British Lawmaker Behind ‘Brexit’ Speaks at Law School

James S. Wharton MP, UK Minister and Introducer of “Brexit” Referendum Bill discusses his legislative decisions and fields questions from the audience at an event hosted by the Journal on Legislation. This event took place Monday Evening at Wasserstein Hall.
About two dozen students gathered at Harvard Law School for a conversation with James Wharton, a Conservative member of the United Kingdom’s Parliament and advocate for the U.K.'s exit from the European Union.

Organized by the Law School Dean of Students’ office and international groups like the European Law Association and China Law Association, the talk was part of a discussion series from the Law School’s Journal on Legislation.

Wharton spoke to attendees about his role in "Brexit," the June vote that decided the U.K. should leave the EU, a political and economic union of 28 European nations, of which 19 share a common currency.

Wharton said he proposed the referendum question to Parliament in May 2013, long before leaving the EU was a mainstream proposal. After the bill did not pass in the House of Lords, Wharton blamed obstructionism from opposing political parties. Then in May 2015, Wharton said, former British Prime Minister David Cameron was forced to announce a referendum vote would take place the following year.

In June 2016, 52 percent of voters in a British referendum voted to leave the EU, with some citing a desire to assert the United Kingdom’s independence and to curb immigration from other countries. Cameron announced he would resign shortly after the referendum, and the move will likely reverberate through the economies of the United Kingdom, remaining EU countries, and the United States.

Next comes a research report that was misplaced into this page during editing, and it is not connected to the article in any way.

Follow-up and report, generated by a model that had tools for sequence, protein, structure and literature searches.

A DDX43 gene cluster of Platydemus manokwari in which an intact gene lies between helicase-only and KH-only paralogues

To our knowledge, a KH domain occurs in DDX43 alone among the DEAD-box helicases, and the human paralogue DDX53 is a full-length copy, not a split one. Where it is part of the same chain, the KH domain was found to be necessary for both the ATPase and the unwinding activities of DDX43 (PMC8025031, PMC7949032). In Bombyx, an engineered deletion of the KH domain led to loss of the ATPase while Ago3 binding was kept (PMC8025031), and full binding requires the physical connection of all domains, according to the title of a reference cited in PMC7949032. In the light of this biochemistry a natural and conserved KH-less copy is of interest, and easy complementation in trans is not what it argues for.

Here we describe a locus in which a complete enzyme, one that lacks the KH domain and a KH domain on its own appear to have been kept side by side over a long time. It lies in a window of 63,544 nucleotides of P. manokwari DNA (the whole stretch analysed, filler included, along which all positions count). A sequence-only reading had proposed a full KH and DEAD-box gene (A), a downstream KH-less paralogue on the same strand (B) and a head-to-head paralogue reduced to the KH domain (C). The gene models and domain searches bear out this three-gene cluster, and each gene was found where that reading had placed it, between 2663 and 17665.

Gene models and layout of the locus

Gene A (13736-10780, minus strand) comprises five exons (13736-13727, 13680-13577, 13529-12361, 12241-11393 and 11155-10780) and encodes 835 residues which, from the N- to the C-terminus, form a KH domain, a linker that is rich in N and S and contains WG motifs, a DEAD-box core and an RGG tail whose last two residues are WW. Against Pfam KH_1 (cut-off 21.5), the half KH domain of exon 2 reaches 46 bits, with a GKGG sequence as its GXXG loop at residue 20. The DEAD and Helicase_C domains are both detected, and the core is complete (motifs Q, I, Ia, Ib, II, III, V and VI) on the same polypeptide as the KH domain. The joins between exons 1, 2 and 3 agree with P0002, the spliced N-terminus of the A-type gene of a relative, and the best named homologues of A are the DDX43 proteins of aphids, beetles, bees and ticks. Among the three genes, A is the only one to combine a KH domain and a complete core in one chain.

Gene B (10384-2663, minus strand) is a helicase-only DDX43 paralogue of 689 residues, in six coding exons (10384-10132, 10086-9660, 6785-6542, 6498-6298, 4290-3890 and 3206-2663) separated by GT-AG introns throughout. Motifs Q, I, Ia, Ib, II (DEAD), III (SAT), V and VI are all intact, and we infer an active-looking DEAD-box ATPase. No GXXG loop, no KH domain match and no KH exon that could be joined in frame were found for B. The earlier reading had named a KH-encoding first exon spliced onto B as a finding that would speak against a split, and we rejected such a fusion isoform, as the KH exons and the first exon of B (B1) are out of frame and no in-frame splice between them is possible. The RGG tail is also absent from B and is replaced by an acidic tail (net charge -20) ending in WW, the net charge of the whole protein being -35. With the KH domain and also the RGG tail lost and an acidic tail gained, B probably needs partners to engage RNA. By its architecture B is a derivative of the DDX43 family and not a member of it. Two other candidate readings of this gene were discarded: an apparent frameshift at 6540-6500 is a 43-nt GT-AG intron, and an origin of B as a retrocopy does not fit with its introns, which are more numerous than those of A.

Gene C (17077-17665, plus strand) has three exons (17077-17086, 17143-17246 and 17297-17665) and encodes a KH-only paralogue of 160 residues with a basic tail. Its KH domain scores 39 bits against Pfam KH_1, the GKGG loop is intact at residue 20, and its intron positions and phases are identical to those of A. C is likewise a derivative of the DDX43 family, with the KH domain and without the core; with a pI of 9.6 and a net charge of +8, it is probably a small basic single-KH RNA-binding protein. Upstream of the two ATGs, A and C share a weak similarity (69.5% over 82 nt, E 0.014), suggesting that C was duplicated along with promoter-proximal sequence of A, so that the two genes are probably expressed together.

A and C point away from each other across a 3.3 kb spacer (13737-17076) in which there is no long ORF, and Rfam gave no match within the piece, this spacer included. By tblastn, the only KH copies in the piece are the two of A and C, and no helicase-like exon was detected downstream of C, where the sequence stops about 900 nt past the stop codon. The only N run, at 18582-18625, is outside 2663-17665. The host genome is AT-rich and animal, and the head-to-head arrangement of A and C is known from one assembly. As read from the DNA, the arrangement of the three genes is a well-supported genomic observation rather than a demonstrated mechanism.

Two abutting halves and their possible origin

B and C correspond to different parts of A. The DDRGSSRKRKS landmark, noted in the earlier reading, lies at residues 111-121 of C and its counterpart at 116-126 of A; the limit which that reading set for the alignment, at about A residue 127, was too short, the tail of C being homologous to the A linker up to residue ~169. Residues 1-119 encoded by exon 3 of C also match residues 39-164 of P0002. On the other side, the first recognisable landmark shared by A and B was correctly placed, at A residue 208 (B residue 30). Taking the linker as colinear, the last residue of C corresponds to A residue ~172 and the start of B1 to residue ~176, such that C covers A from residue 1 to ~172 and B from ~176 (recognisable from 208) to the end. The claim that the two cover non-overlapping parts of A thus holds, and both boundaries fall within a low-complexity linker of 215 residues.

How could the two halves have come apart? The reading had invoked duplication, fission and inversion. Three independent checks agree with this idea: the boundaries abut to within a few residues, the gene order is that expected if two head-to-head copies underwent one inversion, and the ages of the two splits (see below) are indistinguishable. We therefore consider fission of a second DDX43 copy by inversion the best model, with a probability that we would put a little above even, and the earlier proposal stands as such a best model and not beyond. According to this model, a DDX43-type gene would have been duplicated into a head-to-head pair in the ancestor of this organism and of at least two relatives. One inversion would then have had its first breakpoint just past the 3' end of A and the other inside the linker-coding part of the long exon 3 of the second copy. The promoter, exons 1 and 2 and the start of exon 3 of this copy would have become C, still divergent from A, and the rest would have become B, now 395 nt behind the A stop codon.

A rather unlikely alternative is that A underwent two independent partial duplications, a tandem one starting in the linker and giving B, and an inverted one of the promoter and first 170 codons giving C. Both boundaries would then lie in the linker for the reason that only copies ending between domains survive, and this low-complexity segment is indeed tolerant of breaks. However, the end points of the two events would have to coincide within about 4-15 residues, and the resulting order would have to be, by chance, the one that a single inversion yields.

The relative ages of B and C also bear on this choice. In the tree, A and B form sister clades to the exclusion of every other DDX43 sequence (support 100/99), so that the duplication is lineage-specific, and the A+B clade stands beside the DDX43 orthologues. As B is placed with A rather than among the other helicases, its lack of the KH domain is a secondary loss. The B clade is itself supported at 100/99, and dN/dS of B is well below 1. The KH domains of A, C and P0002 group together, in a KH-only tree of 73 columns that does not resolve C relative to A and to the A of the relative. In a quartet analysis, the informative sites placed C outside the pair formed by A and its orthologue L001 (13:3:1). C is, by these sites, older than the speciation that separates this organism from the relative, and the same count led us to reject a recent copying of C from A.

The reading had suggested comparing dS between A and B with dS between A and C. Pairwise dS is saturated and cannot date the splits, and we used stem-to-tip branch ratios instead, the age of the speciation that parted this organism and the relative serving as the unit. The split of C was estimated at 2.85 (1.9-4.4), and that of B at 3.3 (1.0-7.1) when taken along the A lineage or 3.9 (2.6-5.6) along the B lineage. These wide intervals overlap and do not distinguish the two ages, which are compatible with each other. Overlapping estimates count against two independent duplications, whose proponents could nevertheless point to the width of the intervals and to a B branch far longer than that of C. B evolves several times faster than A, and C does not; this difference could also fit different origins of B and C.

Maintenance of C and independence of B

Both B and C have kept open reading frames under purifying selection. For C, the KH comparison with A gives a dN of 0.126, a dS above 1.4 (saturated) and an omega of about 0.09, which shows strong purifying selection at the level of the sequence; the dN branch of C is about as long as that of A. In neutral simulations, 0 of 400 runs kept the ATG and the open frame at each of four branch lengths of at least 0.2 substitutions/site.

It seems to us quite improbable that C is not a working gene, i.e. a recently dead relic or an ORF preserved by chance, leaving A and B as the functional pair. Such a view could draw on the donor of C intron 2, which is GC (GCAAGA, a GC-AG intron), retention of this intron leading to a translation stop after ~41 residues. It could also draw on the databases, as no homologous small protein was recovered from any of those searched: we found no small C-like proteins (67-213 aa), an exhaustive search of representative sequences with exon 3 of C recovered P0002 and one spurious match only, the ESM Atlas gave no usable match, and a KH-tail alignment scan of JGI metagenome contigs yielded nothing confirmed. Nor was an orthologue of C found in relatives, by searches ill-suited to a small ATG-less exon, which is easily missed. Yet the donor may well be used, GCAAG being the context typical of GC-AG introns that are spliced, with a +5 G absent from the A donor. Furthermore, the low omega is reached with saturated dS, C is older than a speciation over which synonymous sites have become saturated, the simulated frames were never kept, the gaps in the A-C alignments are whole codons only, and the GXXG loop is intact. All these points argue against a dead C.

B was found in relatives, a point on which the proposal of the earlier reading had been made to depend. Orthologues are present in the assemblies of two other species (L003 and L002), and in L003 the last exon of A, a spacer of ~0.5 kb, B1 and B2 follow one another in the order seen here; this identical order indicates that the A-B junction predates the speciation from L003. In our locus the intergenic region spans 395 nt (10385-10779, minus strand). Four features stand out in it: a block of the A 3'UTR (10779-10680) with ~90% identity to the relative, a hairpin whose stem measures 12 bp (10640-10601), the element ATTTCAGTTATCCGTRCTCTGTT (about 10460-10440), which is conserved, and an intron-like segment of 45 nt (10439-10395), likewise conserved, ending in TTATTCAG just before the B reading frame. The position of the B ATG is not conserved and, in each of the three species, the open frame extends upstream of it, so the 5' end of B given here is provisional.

Wharton said that although he expected the talk to focus on comparing British and American politics, he was pleased to advise students on the role of law in creating a more just society.

“[The message I wanted to give], particularly for those who are going to be lawyers, to be judges, to be leaders of industry, this is a place that creates some of the leaders of the future,” he said.

Law students who attended the talk said that even though they had their own opinions about Brexit, they felt that there was value in knowing about different perspectives on British and European politics.

“I think that it is very valuable, even as a [British citizen] studying in the US, to get a British perspective on British and European politics on this side of the Atlantic,” said Samantha R.E. Henderson, a Law School student. “I think that is valuable for the U.S. audience and for a Brit who has been away from Britain for some time now to hear about the developments there.”

Matteo Mantoani, a visiting Ph.D. student from the University of Cambridge, said he disagreed with Wharton’s reasoning, and that Brexit is not in the best interest of the British people or the rest of Europe.

Mantoani called the Brexit decision purely “political,” and said that the country is not prepared to finalize a split from the EU.

“There wasn’t anything planned [in regards to the Leave decision],” Mantoani said.